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This wiki provides a conceptual overview of the Ultraviolet Framework.
Complete reference documentation is also available.
What is Ultraviolet?
Ultraviolet is a cross-platform, .NET game development framework written in C# and released under the MIT License. It is heavily inspired by Microsoft's XNA Framework, and is intended to be easy for XNA developers to quickly pick up and start using. However, unlike MonoGame and similar projects, Ultraviolet is not intended to be a drop-in replacement for XNA. Its current implementation is written on top of SDL2 and OpenGL, but its modular design makes it (relatively) easy to re-implement using other technologies if it becomes necessary to do so in the future.
At present, Ultraviolet officially supports Windows, OS X, Linux, Android, and iOS.
Some core features of the Ultraviolet Framework:
A runtime content pipeline: Easily load game assets using Ultraviolet's content pipeline. Unlike XNA, Ultraviolet's content pipeline operates at runtime, meaning no special Visual Studio projects are required to make it work. Content preprocessing is supported in order to increase efficiency and decrease load times.
High-level 2D rendering abstractions: Familiar classes like SpriteBatch allow you to efficiently render large numbers of 2D sprites. Ultraviolet includes built-in support for texture atlases and XML-driven sprite sheets.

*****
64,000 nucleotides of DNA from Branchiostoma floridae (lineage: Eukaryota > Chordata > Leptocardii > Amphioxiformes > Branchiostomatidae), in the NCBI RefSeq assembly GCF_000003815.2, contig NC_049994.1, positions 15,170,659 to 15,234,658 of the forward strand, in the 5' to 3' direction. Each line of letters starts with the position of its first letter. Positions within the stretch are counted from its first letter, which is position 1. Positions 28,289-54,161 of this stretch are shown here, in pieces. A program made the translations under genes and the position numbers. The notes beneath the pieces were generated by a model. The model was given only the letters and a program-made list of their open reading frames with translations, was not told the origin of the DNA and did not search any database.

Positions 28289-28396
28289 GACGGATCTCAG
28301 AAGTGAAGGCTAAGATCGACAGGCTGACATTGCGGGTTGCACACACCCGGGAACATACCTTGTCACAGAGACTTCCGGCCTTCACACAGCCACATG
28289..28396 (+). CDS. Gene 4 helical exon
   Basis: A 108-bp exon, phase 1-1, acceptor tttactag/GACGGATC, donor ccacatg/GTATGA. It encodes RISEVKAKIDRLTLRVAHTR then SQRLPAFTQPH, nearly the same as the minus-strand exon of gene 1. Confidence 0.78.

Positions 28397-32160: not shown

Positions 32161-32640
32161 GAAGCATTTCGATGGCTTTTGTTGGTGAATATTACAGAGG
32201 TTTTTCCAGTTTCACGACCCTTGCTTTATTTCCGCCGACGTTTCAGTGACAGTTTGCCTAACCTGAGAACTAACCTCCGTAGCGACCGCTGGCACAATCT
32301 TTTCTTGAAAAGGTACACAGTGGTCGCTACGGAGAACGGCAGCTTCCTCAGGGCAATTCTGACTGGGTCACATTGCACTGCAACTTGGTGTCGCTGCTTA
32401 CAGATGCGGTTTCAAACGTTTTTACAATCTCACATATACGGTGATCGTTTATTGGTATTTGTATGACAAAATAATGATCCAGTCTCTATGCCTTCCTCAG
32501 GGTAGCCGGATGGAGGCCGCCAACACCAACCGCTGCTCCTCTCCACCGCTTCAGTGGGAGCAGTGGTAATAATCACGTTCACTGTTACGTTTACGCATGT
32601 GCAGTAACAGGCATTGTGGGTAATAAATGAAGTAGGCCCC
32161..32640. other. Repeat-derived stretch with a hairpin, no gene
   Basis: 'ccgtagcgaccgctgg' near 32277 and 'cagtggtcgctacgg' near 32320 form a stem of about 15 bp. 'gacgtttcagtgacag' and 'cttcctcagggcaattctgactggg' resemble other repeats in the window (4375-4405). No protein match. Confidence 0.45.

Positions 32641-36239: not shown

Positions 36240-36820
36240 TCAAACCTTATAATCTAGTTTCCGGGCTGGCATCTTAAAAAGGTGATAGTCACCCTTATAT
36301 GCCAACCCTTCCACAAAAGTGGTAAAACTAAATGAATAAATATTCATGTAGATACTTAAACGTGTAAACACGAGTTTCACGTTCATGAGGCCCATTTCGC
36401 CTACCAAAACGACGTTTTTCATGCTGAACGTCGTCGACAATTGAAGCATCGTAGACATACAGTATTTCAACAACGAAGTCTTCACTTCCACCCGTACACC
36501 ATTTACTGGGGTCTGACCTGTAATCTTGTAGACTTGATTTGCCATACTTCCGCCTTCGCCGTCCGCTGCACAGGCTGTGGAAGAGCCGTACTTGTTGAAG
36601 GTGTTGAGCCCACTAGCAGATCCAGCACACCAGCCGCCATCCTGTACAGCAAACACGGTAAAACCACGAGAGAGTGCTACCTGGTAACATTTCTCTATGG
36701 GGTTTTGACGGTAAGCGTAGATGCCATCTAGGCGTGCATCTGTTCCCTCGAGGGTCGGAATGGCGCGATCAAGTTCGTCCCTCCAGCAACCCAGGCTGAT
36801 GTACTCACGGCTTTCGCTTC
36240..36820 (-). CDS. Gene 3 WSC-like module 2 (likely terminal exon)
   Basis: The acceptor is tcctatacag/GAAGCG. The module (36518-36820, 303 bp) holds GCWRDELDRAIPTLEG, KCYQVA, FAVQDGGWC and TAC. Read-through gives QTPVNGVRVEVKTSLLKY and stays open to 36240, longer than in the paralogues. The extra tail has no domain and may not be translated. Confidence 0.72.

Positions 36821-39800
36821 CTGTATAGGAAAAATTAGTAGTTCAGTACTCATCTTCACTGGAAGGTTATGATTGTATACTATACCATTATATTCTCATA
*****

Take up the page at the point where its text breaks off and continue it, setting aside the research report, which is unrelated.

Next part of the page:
High-level 3D rendering abstractions: Coming in a future release.
Low-level rendering functionality: In addition to the abstractions described above, Ultraviolet's graphics subsystem allows you to push polygons directly to the graphics device, giving you complete control.
A powerful text formatting and layout engine: Do more than draw plain strings of text. Ultraviolet's text formatting engine allows you to change your text's font, style, and color on the fly. The layout engine allows you to easily position and align text wherever you need it.
XML-driven object loader for easy content creation: Ultraviolet's object loader allows you to easily create complicated hierarchies of objects from simple XML files. This is more than just an XML serializer—because it is integrated with Ultraviolet, it has direct knowledge of your game's content assets and object lists, making it possible to reference them in a simple, flexible, and readable way.
You can get started using Ultraviolet by adding the assemblies to your project with NuGet.